Former Mass. congressional candidate convicted of violating campaign law

Local News

“He lied to the government and to the voters. He abused the campaign finance process and thought he could get away with it.”

Beej Das, right, talks to voters at the ISSO Shree Swaminarayan Temple in Lowell in 2018. Erin Clark / The Boston Globe

Former Massachusetts congressional candidate Abhijit “Beej” Das was convicted Friday of violating the Federal Election Campaign Act and making false statements, according to Acting U.S. Attorney Joshua S. Levy’s office. 

  • Feds arrest former Massachusetts congressional candidate for allegedly using campaign funds to pay hotel debts

Das, who finished seventh in the Democratic primary won by Rep. Lori Trahan in the 2017-2018 election, was convicted of one count of accepting excessive campaign contributions, one count of conduit contributions, one count of conversion of campaign funds, and two counts of making a false statement.

Prosecutors said Das, 50, created a scheme to solicit personal loans from friends and close associates above the amount allowed by law in December 2017.

“Das emailed a contributor asking for a friend to support his campaign to reach a specific fundraising goal of over $450,000 by the end of the year and indicated that reaching that goal might need ‘some engineering,’” Levy’s office said. “Das advised a member of his campaign that he would ‘aggregate’ the loans into ‘one batch’ and execute a main transfer into the campaign account.”

Authorities say that in addition, Das “caused” three different people to contribute $125,000 to his campaign, structuring the contributions as personal loans to a family member to circumvent Federal Election Commission reporting requirements. 

“Das falsely claimed that the funds from the excessive contributions were his own personal funds and engaged in illegal conduit contributions to his campaign,” Levy’s office said.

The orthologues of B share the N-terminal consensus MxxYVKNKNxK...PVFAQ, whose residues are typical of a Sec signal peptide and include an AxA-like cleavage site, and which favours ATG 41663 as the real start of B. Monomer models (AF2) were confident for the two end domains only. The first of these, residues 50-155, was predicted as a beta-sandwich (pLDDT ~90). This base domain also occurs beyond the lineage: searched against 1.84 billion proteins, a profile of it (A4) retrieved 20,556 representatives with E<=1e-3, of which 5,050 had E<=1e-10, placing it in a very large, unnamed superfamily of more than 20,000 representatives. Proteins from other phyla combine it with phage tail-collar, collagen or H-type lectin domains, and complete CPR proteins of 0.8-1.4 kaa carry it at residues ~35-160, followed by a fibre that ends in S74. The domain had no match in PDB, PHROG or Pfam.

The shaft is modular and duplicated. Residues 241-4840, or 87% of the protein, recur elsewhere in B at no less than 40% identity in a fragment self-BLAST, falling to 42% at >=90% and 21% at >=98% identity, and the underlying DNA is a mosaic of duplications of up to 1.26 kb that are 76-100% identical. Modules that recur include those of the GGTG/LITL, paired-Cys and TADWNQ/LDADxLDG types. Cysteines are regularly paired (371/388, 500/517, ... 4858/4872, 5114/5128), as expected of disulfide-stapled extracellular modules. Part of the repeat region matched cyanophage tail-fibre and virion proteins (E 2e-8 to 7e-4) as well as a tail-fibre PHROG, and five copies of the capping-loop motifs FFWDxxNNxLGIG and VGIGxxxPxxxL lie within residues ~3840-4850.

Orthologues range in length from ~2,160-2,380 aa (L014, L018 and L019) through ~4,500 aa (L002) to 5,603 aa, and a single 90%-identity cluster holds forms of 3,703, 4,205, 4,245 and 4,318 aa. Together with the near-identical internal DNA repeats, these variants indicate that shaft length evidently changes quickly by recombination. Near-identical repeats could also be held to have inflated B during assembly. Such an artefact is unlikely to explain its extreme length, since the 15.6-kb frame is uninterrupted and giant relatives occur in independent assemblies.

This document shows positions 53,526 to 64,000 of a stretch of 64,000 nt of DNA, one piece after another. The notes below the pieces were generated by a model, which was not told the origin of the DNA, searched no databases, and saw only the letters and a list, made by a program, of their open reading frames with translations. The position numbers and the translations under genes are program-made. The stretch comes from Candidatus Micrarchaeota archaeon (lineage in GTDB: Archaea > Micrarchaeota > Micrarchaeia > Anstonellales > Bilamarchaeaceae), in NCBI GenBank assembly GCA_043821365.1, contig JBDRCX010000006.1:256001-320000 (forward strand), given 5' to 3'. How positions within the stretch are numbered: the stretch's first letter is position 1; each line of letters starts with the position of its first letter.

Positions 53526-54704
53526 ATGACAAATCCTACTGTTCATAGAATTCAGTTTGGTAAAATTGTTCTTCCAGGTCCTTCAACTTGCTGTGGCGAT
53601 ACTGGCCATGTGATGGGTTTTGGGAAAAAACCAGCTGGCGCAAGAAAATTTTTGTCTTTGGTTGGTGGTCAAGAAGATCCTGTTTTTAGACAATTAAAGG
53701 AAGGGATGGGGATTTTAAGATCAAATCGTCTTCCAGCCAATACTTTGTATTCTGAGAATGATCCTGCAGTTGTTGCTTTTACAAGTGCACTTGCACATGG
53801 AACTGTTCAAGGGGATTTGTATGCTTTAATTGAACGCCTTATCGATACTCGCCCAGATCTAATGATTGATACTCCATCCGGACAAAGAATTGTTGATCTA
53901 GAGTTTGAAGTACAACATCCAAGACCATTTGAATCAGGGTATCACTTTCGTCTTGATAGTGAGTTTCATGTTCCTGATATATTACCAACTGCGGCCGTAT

In addition, Levy’s office said Das withdrew hundreds of thousands of dollars from his campaign account to pay outstanding debts for his hotel business unrelated to his campaign and that he sought to conceal those transactions by “instructing bank tellers to report the withdrawals as separate withdrawal and deposit transactions, rather than direct transfers.”

“Protecting our elections through campaign finance laws is crucial in defending transparency and accountability in our government and a well-functioning democracy,” Levy said in a statement. “Mr. Das illegally solicited and accepted donations, used the money for a different purpose and hid his actions. He lied to the government and to the voters. He abused the campaign finance process and thought he could get away with it. Today’s speedy verdict by the jury after two-weeks of evidence should send a resounding message that the light of justice will always find its way to political candidates who break the law.”

Das was arrested and indicted by a federal grand jury in 2021.

Each of the charges Das is facing provides for up to five years of prison, three years of supervised release and a fine of $250,000, or twice the gross gain or loss, whichever is greater, according to Levy’s office. He will return to court for sentencing on Jan. 17, 2024.